“He alone ailed,…having fallen into a long fit of melancholy and vacancy amounting almost to amnesia.” —Walker Percy, The Last Gentleman


“Blessed are they that mourn, for they shall be made strong, in fact. But the process is like all other human births, painful and long and dangerous.” —Margery Allingham, The Tiger in the Smoke


Book One: Genesis


Chapter One


“Would you believe?…” began Maxwell Smart from the TV screen, and young Mad Jones began to laugh out loud from his hospital bed. Mad buzzed the nurse and asked for a legal pad. A half hour later, when the nurse finally entered his room to deliver a few odd sheets of loose-leaf paper, she found Mad curled into a fetal position, sobbing.

So much for discharge from the medical center tomorrow.

The nurse quietly set the papers on the small, round bedside table, and then found herself leaning over and kissing Mad on the forehead, as a middle-aged daughter would tenderly kiss a senile dad. Mad didn’t respond, and the nurse hurried back to her station, wondering why her face suddenly felt flushed.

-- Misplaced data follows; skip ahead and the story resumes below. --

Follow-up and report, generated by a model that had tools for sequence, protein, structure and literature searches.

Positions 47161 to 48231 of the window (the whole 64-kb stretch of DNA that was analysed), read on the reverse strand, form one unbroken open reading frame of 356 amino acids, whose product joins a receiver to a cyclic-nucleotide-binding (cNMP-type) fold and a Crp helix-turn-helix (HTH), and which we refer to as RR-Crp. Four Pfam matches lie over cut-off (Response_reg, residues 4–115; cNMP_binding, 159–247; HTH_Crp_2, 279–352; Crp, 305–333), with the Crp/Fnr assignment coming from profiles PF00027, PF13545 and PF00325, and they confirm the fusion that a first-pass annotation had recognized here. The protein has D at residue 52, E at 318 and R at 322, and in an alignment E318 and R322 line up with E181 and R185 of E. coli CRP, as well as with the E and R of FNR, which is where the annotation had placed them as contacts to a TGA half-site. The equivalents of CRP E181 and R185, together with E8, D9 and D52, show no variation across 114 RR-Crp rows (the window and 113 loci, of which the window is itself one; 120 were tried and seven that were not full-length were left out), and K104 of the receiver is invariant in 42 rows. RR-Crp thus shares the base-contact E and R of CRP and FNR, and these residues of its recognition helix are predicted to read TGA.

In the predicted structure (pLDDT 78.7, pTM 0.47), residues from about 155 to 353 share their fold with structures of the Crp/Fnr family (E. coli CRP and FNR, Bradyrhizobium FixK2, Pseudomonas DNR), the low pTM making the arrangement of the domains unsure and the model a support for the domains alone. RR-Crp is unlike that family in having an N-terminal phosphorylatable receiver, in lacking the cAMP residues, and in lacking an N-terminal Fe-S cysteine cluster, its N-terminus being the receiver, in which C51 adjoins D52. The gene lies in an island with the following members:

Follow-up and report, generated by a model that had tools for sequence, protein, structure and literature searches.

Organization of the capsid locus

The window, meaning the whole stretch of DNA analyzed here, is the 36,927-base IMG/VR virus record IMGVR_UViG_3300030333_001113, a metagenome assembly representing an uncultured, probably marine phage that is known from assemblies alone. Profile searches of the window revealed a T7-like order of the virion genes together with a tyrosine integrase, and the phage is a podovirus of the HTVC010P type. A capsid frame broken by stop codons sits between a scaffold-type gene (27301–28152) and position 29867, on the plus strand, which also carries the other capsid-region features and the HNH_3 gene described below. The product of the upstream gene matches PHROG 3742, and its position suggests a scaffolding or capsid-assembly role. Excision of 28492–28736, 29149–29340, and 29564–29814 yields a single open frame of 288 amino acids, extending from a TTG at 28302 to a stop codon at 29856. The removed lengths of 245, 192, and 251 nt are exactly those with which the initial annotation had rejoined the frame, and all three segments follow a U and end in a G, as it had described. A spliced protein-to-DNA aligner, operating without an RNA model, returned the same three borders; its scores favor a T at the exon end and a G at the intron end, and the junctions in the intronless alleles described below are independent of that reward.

It wasn’t until nearly an hour later that Mad sat up, reached for the loose-leaf and a soft purple Marks-A-Lot that rested atop a Bible, and scrawled:



                      By Mad Jones


Would you believe …


1. God is a flawed sonuvabitch, just like the humans he created.


*                                  *                                  *


In the stillest part of the night—1:43 a.m. according to the neon digital clock, above the door, which kept the room from ever reaching pitch black—Mad awoke, clammy and chilled, from a restless sleep troubled by dead people. His mind turned to the oft-told story of how his father met his mother in The Tombs…